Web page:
Today it has been hard to avoid TwitRank on Twitter. TwitRank is a fun little app which gives you a title. Nothing more, nothing less, or rather it wasn’t supposed to do any more or less. Due to an oversight of the developer, the app tweeted its results whether or not you checked the “post results to twitter”.
“TwitRank” was a global trending topic very quickly as people started to complain…
I decided to track down Dan Jasnowski, TwitRank’s developer, to get his side of things:
AB: Hi Dan, before twit-rank exploded today, most people hadn’t heard of you. Tell us a little bit about yourself.
DJ: I’m just an 18 year old teenager from Spain. I do both web developement and programming (only in Java [for now]).
AB: Twit-Rank caused quite a stir today on Twitter, something I know you certainly didn’t intend (or at least not for the reason it did). Could you tell us where the idea came from?
DJ: I’ve always wanted to try my hands at the Twitter API and my interest in unique titles gave me the motive. So, I just made the program and put it on the web. It went unnoticed for around two days before a massively-followed twitter user tried it and the rest is history.
AB: And what a history! Did the sudden surge in usage take you by surprise?
DJ: Yes, it did. I’ll say I felt popular. I even saw the words “Twitter Rank” is world-wide trending topic. I was amazed at how fast it grew. Thankfully no blogs like Mashable, TechCrunch, or Gawker, have picked up on this because then there would probably be more angry mobs.
AB: Obviously the reason Twit-Rank became so talked about was not the purpose of the app, but there are some malicious apps out there too. Do you have any thoughts on how (or if) Twitter could stop apps like that appearing?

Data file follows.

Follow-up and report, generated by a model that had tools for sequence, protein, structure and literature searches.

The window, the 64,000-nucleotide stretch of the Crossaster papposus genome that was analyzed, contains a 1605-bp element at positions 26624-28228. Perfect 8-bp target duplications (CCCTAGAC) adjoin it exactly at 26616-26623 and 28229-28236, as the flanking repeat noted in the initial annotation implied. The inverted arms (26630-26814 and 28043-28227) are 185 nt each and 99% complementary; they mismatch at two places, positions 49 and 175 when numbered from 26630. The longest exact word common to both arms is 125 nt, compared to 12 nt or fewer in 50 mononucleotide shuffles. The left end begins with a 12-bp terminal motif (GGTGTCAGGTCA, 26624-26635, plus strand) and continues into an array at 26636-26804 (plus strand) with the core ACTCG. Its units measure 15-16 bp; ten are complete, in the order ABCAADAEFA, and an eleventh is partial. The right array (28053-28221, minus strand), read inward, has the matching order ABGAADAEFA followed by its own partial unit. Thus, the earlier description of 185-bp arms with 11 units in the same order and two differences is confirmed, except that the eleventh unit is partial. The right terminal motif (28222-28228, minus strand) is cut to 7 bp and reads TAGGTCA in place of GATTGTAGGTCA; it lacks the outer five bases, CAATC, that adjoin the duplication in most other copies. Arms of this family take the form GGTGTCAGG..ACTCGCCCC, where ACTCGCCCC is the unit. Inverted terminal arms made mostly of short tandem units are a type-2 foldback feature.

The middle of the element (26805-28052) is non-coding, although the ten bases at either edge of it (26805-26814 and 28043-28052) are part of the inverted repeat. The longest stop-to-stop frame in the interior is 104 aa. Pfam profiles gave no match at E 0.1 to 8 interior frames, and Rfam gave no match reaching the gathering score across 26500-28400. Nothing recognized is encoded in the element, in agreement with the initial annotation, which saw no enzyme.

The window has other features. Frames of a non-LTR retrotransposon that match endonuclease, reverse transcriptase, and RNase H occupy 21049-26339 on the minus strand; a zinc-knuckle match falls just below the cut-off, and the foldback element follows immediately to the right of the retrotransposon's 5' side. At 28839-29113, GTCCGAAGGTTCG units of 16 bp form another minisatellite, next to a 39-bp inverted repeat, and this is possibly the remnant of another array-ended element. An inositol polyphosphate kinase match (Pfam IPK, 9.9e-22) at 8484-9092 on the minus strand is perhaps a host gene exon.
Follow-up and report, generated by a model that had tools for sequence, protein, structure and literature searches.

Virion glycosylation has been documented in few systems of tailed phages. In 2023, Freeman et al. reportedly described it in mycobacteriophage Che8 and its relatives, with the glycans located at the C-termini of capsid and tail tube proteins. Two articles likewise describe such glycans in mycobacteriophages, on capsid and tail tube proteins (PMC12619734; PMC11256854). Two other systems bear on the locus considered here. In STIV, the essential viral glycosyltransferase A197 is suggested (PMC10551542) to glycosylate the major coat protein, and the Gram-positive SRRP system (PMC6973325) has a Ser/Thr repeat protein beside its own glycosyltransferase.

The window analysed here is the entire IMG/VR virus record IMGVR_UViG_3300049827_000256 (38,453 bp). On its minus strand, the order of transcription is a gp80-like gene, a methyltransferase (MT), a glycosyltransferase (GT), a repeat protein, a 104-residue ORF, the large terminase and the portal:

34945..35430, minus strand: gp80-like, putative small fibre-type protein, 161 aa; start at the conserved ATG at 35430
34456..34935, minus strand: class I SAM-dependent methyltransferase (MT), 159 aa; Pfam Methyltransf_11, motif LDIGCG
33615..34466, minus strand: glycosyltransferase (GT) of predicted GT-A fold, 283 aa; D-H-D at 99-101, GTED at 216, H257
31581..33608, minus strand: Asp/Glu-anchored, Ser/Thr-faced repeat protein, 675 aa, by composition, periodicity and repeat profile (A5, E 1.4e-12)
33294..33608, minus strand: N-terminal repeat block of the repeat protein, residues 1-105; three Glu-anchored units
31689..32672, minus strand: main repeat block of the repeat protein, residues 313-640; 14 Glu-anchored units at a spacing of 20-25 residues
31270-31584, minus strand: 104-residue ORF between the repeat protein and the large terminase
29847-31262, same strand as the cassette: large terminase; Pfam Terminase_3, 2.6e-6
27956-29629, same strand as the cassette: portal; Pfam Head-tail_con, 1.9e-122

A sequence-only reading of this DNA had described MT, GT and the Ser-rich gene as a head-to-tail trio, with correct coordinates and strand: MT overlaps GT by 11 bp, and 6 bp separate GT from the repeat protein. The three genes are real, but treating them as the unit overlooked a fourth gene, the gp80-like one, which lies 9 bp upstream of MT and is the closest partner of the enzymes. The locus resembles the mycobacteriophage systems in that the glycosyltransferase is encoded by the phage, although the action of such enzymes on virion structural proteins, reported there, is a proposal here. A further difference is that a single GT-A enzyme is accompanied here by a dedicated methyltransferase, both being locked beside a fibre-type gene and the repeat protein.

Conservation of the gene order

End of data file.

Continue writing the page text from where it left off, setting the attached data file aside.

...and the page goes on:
DJ: Maybe if enough people report an application to a certain webpage in a short time — it would get AUTO suspended. My guess.
AB: We can’t really talk about Twit-Rank without mentioning what has caused all the fuss. Basically the check box for tweeting the results wasn’t “hooked up”, right?
DJ: That’s right. At first [when testing] I always tweeted the message so I didn’t know until I kept getting tweets about the error back… and A LOT of them.
AB: A simple mistake for anyone to make, though it seems to me that some reactions to it were over the top (my own included I am ashamed to say). What has the negative attention been like and are people calming down again now?
DJ: The negative attention hasn’t been too bad, I did get a lot. At 3:09 PM (usa est), I got a message that Twitter suspended the application. It took me around 2 hours to fix it. Since then people have calmed down. Most say I did it on purpose, but they’re wrong.
AB: It was an honest mistake, and you’ve been commendable in putting your hands up and saying so. I’m glad that Twitter didn’t get too anti-social for you, but I guess you’ll be testing future apps a hundred times before launching them?
DJ: Haha, yes – definitely.
AB: Do you have any future twitter apps in the pipeline yet?
DJ: Not at the moment. I just wanted to get a feel of the Twitter API. I have other projects I’m busy with.
AB: But today’s excitement hasn’t put you off Twitter?
DJ: Not entirely. I’ll still be on. I’ll just be more careful with my apps that I create.
AB: Well thank you very much for your time, Dan. It has been a pleasure chatting with you. Is there anything we’ve not spoken about that you’d like to add?
DJ: No problem, same here. I’d just like to apologize for my error in today’s commotion.
[Originally linked article no longer exists] was always safe to use, but now it also behaves as it was always intended to.
Anyone who puts their hands up and says they made a mistake is a good guy in my book. Dan has a lot of balls for an 18 year old, I certainly wish him all the future success (and hope to get sneak previews of his future apps too ;) ).